‘Hustle’ hacks, ‘Anchorman’ annoys and ‘Mr. Banks’ bores

Among the new movies that were released Friday, Dec. 20 are a 70’s set crime drama, the return of Ron Burgundy and a behind-the-scenes dramatization of Walt Disney’s dealings with “Mary Poppins” author P.L. Travers.

American Hustle

Christian Bale plays a con man who, along with his seductive British partner (Amy Adams), is forced to work for a wild FBI agent (Bradley Cooper), who pushes them into a world of Jersey powerbrokers and mafia. (R – 129 minutes)

“American Hustle” boasts a spectacular cast of actors, each of whom give a top-notch performance, as well as some stunning production and costume design. However, writer/director David O. Russell’s new 70’s-set crime drama suffers from a few too many cooks standing in front of the science oven, giving too many characters a narrative voice thereby making it a very verbose motion picture whose story is nearly impossible to follow from beginning to end. Moreover, star Christian Bale’s pot-belly and combover feel like farce that goes on for far too long. Having said that, the music and mood are magnificent, as is actress Jennifer Lawrence in a supporting role. (Thumbs Down!)

Anchorman 2: The Legend Continues

Will Ferrell reprises his role as newsman Ron Burgundy (Will Ferrell) who this time takes the nations first 24-hour news channel by storm. Christina Applegate, Steve Carell, Paul Rudd and David Koechner also reprise their roles. (PG-13 – 119 minutes)

When the Attention Deficit Hyperactivity Disorder plagued motion picture “Anchorman 2: The Legend Continues” calms down long enough to set its sights on a specific aspect of the television news industry, it does so in a razor-sharp way that yields a lot of laughs. Unfortunately, you can count those instances – which include the onslaught of on-screen graphics and the exaggerated-for-entertainment-value coverage of car chases – on one hand whereas the rest of the new way-too-long sequel to screenwriter/star Will Ferrell’s 2004 comedy plays out like sporadic series of skits. Worst of all, it seems completely ignorant of the real-life implications of its actions – akin to a Roadrunner and Wile E. Coyote cartoon. (Thumbs Down!)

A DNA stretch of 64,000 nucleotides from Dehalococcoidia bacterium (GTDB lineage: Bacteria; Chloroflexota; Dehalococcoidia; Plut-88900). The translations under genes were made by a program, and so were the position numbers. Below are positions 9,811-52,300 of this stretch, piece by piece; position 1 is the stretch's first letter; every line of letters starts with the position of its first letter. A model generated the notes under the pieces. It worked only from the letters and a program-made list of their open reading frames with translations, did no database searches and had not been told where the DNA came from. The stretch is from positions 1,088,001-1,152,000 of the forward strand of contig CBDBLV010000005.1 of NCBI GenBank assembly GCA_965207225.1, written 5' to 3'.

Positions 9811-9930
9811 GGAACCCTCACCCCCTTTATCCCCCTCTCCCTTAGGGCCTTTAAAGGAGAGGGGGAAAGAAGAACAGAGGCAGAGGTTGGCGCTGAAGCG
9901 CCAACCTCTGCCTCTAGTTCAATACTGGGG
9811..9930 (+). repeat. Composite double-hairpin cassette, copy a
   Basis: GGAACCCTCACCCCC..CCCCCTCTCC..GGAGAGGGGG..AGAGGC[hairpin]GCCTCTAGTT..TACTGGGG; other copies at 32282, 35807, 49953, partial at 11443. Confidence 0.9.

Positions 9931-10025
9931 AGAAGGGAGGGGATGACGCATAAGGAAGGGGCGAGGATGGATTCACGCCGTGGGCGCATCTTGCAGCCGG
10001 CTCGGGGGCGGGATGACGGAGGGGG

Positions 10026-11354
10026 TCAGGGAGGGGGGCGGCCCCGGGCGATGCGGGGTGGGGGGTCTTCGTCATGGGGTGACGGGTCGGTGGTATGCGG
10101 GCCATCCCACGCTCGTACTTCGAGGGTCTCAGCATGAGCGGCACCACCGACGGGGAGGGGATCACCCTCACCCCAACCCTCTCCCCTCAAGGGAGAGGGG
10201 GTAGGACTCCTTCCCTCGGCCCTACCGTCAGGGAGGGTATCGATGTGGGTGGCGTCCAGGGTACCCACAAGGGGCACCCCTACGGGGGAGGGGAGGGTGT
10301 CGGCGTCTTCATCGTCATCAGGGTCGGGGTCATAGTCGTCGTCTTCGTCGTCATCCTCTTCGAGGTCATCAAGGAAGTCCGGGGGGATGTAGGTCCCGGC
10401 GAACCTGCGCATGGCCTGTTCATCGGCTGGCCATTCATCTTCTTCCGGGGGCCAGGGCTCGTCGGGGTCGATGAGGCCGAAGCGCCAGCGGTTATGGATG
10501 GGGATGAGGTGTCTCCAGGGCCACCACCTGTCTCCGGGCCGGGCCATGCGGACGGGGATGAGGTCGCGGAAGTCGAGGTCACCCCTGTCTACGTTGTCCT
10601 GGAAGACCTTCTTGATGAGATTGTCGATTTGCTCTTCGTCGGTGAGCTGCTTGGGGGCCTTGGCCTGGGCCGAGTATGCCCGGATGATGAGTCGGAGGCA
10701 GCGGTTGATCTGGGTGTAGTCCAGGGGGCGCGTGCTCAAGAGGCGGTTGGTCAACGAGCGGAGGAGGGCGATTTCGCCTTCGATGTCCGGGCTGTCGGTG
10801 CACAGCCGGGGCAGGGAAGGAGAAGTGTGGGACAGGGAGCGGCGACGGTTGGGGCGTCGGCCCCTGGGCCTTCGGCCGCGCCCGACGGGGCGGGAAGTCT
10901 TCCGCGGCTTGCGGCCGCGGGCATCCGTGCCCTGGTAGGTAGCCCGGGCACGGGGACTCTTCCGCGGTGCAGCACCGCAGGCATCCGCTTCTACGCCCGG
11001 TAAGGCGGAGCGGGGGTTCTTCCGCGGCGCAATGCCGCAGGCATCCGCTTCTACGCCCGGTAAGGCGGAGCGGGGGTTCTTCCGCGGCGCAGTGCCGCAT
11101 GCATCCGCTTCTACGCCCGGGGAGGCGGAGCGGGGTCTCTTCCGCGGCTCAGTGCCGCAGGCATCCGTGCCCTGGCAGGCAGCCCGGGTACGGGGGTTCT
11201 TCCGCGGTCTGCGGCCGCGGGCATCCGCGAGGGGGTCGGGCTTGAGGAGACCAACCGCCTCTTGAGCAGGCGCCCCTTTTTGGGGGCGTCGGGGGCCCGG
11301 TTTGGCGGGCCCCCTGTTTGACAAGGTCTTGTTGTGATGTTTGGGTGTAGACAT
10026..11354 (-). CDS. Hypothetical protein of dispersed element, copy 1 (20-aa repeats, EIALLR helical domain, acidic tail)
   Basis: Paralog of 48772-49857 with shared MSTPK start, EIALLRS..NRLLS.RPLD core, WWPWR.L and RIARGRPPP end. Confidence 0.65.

Inside Llewyn Davis

Oscar Isaac plays a young folk singer who navigates the Greenwich Village folk scene of 1961. Guitar in tow, huddled against the unforgiving New York winter, he is struggling to make it as a musician against seemingly insurmountable obstacles – some of them of his own making. (R – 105 minutes)

Is there anything that Joel and Ethan Coen cannot do? Among countless other things, they have made us laugh till it hurt by “A Serious Man,” thrilled to the edge of our seats by “No Country for Old Men” and now genuinely moved through melancholy by “Inside Llewyn Davis.” What is essentially the story of a man whose struggle to barely get by parallels that of a stray cat works on several levels. It is not only a poetic observation of how struggle inspires art but also an extremely entertaining satire of folk music history, filled with wry laughs and a soundtrack that you will want to own the moment that you leave the movie theater. (Breakthrough!)

Saving Mr. Banks

Emma Thompson portrays author P. L. Travers who reflects on her difficult childhood while meeting with filmmaker Walt Disney (Tom Hanks) during production for the adaptation of her novel “Mary Poppins.” (PG-13 – 125 minutes)

Fortunately, “Saving Mr. Banks” is not nearly the disaster that was 2004’s “Finding Neverland.” However, at more than just a few times during its long and drawn-out runtime, Disney’s new behind-the-scenes dramatization of Walt Disney’s dealings with “Mary Poppins” author P.L. Travers comes awfully close. There are moments that will bring a smile to your face while warming your heart but there are others that are too impassive and slow-paced. Having said that, Emma Thompson is terrific and it is an overwhelmingly pleasant motion picture. And you know what they say about spoonfuls of sugar… (Thumbs Down!)

Joseph J. Airdo

Joseph J. Airdo is a film critic, producer and on-air personality for Breakthrough Entertainment, a talk radio show airing 10-11 a.m. Saturdays on KPHX 1480 AM and BreakRadioShow.com that shines a spotlight on the practical perspectives of the topics and themes explored in movies. He has a pet duck named Frozen who is as opinionated about movies as he is. E-mail him at joseph.airdo@gmail.com.

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